Mahoney said Sanders initially “didn’t have a clue.” The aldermen felt ambushed by his unexpected policy demands, and rattled by his tempestuous manner that more than once involved storming out of meetings.
“Coming in, he was just very uneducated,” Mahoney said, recalling that Sanders would scramble the council’s agenda and inject remote issues into city politics. “We’d get our packets on a Friday and the agenda and everything is included there. Bernie would have a news conference on Monday and add some huge new thing, like we’re going to be supporting Daniel Ortega in a resolution.” (At the time, Ortega was the leader of the Nicaraguan revolutionary group the Sandinistas.)
When Sanders submitted his nominees for top city jobs, the board rejected them in a humiliating fashion. Linda Niedweske, Sanders’ former campaign manager, said he was “furious.”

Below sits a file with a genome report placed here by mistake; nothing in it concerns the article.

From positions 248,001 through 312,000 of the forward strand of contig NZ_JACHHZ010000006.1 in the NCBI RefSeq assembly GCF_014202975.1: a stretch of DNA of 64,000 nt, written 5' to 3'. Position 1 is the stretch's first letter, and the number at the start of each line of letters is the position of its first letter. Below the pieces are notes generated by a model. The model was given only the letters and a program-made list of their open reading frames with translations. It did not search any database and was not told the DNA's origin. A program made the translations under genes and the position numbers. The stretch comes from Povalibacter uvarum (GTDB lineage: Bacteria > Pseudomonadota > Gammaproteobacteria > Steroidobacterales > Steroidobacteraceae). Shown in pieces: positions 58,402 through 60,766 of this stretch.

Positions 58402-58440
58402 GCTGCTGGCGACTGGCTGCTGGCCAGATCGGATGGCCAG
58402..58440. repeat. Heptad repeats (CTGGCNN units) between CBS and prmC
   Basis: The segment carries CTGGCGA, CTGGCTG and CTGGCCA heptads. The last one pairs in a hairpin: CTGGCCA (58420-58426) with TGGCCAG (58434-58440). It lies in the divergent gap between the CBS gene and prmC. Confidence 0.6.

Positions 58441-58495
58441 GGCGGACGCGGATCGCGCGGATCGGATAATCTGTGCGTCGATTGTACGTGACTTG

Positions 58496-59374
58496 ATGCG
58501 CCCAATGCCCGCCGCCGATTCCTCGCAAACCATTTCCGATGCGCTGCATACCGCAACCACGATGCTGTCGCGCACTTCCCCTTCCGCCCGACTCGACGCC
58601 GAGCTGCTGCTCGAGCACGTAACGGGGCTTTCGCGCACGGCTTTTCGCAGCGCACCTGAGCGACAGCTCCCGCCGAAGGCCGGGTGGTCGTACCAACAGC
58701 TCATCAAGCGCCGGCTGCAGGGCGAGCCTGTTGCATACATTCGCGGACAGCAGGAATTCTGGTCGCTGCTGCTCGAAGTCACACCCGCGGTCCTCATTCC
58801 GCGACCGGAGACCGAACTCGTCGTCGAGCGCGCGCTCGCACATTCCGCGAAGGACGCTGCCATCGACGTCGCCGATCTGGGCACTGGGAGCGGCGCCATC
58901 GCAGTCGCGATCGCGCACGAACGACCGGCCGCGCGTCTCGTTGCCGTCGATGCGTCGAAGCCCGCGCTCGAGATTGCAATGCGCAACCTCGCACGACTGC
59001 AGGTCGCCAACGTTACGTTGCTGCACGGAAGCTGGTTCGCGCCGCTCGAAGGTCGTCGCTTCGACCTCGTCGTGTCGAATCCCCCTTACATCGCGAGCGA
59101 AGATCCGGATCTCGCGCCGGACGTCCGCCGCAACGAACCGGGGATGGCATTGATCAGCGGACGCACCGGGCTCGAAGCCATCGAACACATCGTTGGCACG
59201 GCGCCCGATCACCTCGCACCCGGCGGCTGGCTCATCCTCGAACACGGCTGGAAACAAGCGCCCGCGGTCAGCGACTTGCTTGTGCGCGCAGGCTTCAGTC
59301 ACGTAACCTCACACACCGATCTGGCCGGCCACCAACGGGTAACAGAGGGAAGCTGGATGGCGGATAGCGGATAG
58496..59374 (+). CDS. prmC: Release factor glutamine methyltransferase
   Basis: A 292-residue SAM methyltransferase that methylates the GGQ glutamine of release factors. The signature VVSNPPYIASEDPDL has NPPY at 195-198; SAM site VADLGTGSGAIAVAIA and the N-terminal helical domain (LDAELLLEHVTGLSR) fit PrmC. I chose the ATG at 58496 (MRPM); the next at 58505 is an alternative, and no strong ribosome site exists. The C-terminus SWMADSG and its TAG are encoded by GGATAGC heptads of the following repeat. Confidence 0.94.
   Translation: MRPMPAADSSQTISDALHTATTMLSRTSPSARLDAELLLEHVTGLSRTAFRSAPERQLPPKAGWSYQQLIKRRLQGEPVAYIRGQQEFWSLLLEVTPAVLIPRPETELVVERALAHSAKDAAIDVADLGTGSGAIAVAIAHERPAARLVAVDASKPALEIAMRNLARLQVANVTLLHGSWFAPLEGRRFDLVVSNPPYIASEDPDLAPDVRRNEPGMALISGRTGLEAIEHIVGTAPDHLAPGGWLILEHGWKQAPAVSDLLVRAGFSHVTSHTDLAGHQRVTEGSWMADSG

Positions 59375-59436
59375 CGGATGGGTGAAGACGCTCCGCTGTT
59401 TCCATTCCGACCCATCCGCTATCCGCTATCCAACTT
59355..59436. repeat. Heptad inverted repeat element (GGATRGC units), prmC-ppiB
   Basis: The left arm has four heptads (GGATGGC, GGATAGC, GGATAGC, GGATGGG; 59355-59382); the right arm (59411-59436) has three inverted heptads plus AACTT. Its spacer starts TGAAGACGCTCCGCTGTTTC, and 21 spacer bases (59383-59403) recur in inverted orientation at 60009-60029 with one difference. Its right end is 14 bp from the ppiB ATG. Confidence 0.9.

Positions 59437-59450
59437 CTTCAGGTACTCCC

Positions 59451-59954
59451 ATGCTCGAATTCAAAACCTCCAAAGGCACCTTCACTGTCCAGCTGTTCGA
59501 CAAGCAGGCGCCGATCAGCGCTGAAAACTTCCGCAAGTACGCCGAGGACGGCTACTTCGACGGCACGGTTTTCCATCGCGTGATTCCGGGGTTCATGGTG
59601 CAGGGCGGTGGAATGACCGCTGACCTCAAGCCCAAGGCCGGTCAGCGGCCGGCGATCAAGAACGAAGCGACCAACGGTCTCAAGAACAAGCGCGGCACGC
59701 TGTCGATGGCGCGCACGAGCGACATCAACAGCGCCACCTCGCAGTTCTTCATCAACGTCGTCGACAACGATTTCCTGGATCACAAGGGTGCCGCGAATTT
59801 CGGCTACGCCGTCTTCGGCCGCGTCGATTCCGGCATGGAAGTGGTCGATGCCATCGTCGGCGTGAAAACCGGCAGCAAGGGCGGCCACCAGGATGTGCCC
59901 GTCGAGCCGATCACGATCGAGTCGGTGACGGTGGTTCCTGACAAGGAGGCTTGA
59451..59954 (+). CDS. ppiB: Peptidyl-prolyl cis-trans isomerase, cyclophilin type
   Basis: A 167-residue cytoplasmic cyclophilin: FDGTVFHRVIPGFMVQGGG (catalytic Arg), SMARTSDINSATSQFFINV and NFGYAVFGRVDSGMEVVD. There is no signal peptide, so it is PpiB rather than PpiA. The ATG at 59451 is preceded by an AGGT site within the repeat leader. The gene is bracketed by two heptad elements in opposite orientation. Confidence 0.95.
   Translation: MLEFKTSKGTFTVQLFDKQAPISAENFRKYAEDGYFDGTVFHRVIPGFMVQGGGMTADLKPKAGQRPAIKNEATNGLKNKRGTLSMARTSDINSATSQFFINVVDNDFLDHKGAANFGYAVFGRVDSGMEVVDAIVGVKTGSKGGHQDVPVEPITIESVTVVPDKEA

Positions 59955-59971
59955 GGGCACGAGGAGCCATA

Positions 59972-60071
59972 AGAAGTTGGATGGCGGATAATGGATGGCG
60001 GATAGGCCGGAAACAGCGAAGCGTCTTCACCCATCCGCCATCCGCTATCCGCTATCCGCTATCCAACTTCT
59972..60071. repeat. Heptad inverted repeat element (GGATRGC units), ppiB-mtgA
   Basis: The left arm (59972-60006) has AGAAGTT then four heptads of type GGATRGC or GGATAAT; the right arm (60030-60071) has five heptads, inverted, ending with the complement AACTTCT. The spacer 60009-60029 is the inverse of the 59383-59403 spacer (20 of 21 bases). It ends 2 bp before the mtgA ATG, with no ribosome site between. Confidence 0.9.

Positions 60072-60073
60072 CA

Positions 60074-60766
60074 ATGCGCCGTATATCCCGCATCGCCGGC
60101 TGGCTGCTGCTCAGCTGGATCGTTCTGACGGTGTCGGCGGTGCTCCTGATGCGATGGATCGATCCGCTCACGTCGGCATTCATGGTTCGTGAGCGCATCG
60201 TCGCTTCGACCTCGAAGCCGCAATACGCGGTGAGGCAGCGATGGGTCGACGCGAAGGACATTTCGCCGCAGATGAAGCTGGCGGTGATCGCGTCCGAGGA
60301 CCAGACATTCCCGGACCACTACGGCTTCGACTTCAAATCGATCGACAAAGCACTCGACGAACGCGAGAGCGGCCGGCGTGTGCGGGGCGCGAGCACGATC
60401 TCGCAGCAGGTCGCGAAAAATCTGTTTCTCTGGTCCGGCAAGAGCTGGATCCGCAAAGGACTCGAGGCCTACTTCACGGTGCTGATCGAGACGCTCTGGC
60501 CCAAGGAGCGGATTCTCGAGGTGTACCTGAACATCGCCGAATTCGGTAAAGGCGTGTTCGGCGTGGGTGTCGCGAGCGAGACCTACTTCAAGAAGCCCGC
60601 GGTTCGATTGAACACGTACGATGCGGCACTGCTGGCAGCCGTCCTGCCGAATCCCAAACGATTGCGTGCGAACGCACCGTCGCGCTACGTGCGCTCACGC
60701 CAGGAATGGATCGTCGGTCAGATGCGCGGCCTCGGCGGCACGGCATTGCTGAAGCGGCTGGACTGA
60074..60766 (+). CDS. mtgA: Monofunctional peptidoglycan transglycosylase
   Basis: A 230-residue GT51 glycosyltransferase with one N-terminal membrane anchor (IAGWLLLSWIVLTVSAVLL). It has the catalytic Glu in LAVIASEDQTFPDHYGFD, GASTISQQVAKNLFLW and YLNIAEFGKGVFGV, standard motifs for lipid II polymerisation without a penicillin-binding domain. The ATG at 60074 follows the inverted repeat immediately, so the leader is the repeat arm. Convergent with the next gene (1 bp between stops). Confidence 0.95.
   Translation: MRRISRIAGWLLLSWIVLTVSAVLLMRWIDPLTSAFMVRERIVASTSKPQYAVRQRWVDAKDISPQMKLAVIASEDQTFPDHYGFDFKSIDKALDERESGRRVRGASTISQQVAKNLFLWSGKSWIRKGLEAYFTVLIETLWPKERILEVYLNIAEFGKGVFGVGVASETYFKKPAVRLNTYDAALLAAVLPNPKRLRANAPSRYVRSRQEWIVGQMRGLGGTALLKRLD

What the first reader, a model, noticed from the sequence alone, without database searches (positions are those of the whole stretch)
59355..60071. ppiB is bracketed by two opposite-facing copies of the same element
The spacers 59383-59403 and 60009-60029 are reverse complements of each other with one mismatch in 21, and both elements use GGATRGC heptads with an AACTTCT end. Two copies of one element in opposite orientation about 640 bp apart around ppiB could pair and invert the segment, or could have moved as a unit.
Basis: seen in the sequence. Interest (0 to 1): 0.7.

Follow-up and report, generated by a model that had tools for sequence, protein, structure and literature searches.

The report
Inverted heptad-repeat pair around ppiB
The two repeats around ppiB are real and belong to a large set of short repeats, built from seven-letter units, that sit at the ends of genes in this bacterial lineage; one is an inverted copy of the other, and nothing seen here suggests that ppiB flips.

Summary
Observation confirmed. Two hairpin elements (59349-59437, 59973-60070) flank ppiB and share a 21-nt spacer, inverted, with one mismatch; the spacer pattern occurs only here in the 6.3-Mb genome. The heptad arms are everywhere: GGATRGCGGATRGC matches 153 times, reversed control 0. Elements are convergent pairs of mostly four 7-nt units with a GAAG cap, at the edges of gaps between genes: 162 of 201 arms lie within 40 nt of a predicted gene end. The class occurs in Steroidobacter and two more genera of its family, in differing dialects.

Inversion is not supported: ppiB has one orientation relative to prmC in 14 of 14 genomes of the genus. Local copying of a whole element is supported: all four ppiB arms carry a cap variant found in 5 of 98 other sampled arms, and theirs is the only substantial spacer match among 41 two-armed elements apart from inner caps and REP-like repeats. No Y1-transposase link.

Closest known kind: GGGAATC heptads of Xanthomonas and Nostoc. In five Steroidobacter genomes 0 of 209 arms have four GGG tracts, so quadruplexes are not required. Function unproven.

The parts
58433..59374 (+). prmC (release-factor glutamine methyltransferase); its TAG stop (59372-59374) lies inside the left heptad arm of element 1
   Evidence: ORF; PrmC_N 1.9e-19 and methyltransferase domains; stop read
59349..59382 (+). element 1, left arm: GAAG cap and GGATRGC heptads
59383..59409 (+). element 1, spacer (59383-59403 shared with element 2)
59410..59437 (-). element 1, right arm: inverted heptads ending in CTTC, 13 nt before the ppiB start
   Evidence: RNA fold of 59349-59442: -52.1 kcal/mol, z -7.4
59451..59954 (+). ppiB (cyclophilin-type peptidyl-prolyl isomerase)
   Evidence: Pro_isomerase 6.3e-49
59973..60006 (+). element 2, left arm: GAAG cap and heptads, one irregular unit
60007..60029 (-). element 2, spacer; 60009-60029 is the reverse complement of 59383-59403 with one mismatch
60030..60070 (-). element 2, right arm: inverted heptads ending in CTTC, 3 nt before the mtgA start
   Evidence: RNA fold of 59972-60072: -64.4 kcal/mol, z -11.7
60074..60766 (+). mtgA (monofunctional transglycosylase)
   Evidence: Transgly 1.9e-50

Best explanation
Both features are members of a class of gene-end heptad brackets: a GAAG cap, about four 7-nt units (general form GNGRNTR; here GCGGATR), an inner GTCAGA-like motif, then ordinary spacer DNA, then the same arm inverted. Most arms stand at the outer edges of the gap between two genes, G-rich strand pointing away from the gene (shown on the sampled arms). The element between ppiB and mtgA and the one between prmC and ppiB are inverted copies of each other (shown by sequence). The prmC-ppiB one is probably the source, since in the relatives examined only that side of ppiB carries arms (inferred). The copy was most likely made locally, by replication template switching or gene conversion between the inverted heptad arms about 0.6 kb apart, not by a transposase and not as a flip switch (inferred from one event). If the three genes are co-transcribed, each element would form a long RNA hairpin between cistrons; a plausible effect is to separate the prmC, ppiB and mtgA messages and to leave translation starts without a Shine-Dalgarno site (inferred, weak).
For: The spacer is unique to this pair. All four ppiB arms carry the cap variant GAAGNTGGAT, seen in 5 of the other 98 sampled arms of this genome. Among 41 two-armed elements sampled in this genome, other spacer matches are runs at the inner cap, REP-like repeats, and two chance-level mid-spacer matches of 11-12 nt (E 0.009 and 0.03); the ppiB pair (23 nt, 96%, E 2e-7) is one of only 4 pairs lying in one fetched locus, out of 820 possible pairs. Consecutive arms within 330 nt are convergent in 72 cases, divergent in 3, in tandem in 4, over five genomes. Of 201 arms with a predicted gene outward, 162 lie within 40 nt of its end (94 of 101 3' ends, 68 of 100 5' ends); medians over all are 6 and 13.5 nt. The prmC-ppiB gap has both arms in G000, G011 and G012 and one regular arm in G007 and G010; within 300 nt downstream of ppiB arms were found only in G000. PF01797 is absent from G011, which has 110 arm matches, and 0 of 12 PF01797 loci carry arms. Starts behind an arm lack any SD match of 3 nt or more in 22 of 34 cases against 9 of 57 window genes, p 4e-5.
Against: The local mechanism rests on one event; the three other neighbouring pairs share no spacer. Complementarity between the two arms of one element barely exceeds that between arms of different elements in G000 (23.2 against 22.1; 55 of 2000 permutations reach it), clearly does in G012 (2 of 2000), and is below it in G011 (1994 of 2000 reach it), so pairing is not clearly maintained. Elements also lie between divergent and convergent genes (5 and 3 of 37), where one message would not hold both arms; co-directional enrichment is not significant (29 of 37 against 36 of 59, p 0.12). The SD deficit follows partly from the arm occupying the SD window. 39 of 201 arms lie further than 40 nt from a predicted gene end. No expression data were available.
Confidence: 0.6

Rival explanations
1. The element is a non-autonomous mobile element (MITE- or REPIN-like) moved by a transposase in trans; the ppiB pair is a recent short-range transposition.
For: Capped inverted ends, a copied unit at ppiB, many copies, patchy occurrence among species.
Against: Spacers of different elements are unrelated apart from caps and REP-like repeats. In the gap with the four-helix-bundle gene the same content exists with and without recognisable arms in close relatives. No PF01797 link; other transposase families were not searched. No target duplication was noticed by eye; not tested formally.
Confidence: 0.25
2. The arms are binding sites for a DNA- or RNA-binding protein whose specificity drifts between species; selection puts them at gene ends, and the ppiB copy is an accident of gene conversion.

“He won fair and square,” said Niedweske, whose appointment as Sanders’ secretary was briefly blocked. “He was entitled to do what the people had elected him to do.”
Sanders sued the board, accusing it of usurping his authority, but lost in court. Denied a full slate of appointments, he enlisted volunteer advisers to help him map a city budget. There were small breakthroughs with the board — Sanders ushered through a modest property-tax increase — but at base, Sanders said recently, Democrats wanted to make him a “powerless mayor.”
By the fall, it was apparent to all sides that it would take an election to break the standoff. Peter Clavelle, a close Sanders adviser during that period, said the mayor was “intent on exposing the obstructionists for what they were.”
With off-year municipal elections looming in March of 1982, Sanders and his allies began assembling a slate of candidates to rescue him — a group of activists and academics who assailed the board’s obstruction. One challenger, Huck Gutman, told voters the board’s treatment of Sanders was the “central issue” of the campaign.
“If the board of aldermen choose to snub him, to stonewall him, to refuse to listen to him, they are insulting not only the mayor, but the people of Burlington,” he wrote in a campaign appeal.